How do telomeres affect cancer?

How do telomeres affect cancer?

Telomeres shorten as we age and the risk of cancer increases as we get older; here we explore some ways telomeres affect cancer risk.

Cancer is a leading cause of death worldwide and with rates of many cancers increasing year on year, it is a priority research area in terms of improving understanding, diagnosis and treatment.

The area of cancer research that we are particularly interested in focuses on better understanding the links between telomeres, telomerase and cancer.

Telomeres and cancer

Telomere length can be considered one of the biological mechanisms for controlling the healthy functioning and lifespan of cells.

In some cases, this biological mechanism can go wrong, meaning cells begin dividing uncontrollably i.e. tumor growth occurs. This is called tumorigenesis, or the formation of cancer.

Telomere length decreases with each cell division, and therefore over time, as we age, our telomeres shorten. Read about this in more detail here.

Normally, when telomeres reach a critically short level, cell division is halted, this is called replicative senescence. This can prevent unrestricted growth of damaged cells.

The decrease of telomere length can therefore be considered as a tumor suppressor mechanism.

It may seem paradoxical, but it has been discovered that short telomeres are often found in cancer cells. This can, in some cases, be as a result of defective telomere maintenance.

Although short telomeres are a barrier to continued cell proliferation, when other genetic mutations occur, this can be overridden (in a process called crisis), allowing cell division to continue.

Associations between very long telomeres and increased risk of certain cancers, for example melanoma, have also been found and can be associated with genomic instability.

In these instances, cell division is not halted by critically short telomeres triggering a response. Therefore, cells continue to proliferate and a tumor can grow.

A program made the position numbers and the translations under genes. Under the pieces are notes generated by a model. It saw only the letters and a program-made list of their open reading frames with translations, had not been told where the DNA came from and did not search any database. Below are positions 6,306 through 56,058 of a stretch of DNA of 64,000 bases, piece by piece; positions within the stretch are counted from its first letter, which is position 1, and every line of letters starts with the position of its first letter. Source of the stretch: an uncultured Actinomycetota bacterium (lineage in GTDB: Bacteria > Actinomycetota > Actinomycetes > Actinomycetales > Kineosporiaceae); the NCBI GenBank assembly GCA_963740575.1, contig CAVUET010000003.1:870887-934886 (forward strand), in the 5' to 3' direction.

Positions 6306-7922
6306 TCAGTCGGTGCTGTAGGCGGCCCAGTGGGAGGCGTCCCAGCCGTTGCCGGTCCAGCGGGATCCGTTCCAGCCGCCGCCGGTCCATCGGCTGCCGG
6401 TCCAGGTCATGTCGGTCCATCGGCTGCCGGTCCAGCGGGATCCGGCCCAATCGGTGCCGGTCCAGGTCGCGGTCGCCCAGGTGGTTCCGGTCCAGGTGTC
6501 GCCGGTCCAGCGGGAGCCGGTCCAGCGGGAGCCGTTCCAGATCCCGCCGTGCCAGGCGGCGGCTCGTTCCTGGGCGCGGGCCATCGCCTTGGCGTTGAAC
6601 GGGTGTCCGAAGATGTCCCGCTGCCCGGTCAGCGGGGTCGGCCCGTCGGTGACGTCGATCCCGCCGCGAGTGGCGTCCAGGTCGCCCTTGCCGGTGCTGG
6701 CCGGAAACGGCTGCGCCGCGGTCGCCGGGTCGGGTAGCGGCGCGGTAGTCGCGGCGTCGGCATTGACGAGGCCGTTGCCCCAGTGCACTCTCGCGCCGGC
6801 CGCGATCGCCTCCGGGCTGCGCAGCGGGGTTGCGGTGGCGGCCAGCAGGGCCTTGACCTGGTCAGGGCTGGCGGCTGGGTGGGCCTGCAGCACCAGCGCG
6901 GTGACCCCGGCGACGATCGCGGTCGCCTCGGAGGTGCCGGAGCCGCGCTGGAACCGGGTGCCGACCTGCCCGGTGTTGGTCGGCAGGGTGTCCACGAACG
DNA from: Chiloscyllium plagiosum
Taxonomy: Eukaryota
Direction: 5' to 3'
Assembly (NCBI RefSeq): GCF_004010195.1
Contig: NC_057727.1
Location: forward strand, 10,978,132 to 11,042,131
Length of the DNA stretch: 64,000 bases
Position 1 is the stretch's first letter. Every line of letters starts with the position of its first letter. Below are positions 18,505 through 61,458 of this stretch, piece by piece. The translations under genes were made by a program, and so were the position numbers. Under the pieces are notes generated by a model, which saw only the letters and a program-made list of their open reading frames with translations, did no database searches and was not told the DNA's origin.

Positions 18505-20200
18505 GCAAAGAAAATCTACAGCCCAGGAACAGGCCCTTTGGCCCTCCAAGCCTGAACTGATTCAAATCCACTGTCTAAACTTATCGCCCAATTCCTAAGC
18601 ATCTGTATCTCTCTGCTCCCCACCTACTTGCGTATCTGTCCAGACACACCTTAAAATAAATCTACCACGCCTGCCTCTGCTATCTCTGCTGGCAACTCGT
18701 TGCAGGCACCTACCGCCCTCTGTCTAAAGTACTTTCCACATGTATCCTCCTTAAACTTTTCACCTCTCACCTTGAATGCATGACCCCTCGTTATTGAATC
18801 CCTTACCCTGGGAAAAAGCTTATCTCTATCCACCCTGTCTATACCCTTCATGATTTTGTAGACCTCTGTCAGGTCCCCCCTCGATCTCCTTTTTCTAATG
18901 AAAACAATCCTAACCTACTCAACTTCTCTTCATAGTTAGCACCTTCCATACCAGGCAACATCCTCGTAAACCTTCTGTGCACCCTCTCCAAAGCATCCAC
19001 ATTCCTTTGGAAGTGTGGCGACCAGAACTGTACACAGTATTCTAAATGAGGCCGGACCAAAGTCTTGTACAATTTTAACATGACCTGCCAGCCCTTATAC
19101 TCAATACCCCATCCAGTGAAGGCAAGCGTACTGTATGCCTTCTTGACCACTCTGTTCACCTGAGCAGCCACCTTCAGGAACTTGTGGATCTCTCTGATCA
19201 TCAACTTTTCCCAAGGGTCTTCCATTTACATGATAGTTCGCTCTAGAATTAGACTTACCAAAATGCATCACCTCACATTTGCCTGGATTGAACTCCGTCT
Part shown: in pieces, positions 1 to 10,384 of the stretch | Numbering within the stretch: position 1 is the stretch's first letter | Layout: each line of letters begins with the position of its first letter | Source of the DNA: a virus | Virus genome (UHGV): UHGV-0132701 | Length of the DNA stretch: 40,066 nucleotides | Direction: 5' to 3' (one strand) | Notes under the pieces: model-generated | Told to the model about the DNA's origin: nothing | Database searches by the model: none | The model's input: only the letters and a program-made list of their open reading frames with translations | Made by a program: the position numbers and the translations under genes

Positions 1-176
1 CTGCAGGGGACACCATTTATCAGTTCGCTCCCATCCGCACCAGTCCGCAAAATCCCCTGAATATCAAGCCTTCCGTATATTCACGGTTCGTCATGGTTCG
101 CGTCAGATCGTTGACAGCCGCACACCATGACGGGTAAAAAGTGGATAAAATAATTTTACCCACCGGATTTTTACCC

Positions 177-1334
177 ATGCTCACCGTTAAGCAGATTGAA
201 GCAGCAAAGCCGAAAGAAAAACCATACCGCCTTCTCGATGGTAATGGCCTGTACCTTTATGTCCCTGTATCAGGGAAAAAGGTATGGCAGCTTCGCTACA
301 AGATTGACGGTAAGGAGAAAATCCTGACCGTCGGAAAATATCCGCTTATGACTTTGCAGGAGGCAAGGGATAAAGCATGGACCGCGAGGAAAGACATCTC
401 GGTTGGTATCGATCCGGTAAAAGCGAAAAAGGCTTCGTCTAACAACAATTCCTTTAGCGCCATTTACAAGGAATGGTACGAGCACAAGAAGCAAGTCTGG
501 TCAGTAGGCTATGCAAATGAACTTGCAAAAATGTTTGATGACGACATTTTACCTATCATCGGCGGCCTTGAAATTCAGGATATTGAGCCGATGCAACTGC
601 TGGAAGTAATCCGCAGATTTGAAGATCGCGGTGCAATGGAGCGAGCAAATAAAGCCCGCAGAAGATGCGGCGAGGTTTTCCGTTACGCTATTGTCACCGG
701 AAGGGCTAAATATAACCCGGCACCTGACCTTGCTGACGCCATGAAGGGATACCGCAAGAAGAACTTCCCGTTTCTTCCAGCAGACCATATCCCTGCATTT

Having balanced telomere length, between normal parameters for age (i.e. not too long or too short), is associated with optimal function.

Telomerase and cancer

In order to continue to proliferate with the presence of short telomeres, the potential tumor cells need to overcome this barrier.

One way in which this can be achieved is for the cells to express the enzyme telomerase.

Telomerase acts to synthesize the DNA repeats that can maintain and extend telomere length.

Normally only active at very low levels in somatic cells (if at all), increased activity of telomerase is a known hallmark of cancer. Telomerase is found to be active in 85–95% of cancers. Learn more about telomerase here.

Expression of the telomerase gene (TERT) can be up-regulated in tumors via multiple genetic and epigenetic mechanisms. Mutations in the TERT gene promoter region, driving higher expression, are among the most common genetic abnormalities in cancer cells.

Cancer tests and treatments

A number of approaches are being investigated that involve inhibition of telomerase as a cancer treatment, although there have been hurdles with these.

Testing cells for telomerase activation, or the cancer-specific expression of TERT, is an avenue being investigated as a potential biomarker for a cancer test. However, there have also been obstacles with this.

It is known that individuals with telomere biology disorders (TBDs), and very short telomeres, have a significantly increased risk of specific cancers. These include acute myeloid leukemia and solid tumors such as head and neck squamous cell carcinomas.

Studies have examined the use of telomere length as a risk factor biomarker for small cell lung cancer and as a prognostic biomarker for both chronic lymphocytic leukaemia and multiple myeloma.

There are many factors that play a role in the development of cancer, with cancer types being different diseases, and this is a complex field still under investigation. Research is ongoing in this important area.

RepeatDx is actively involved in many different areas of research. Read more here.

If you would like to get in touch to discuss a prospective research collaboration, please use our contact form.

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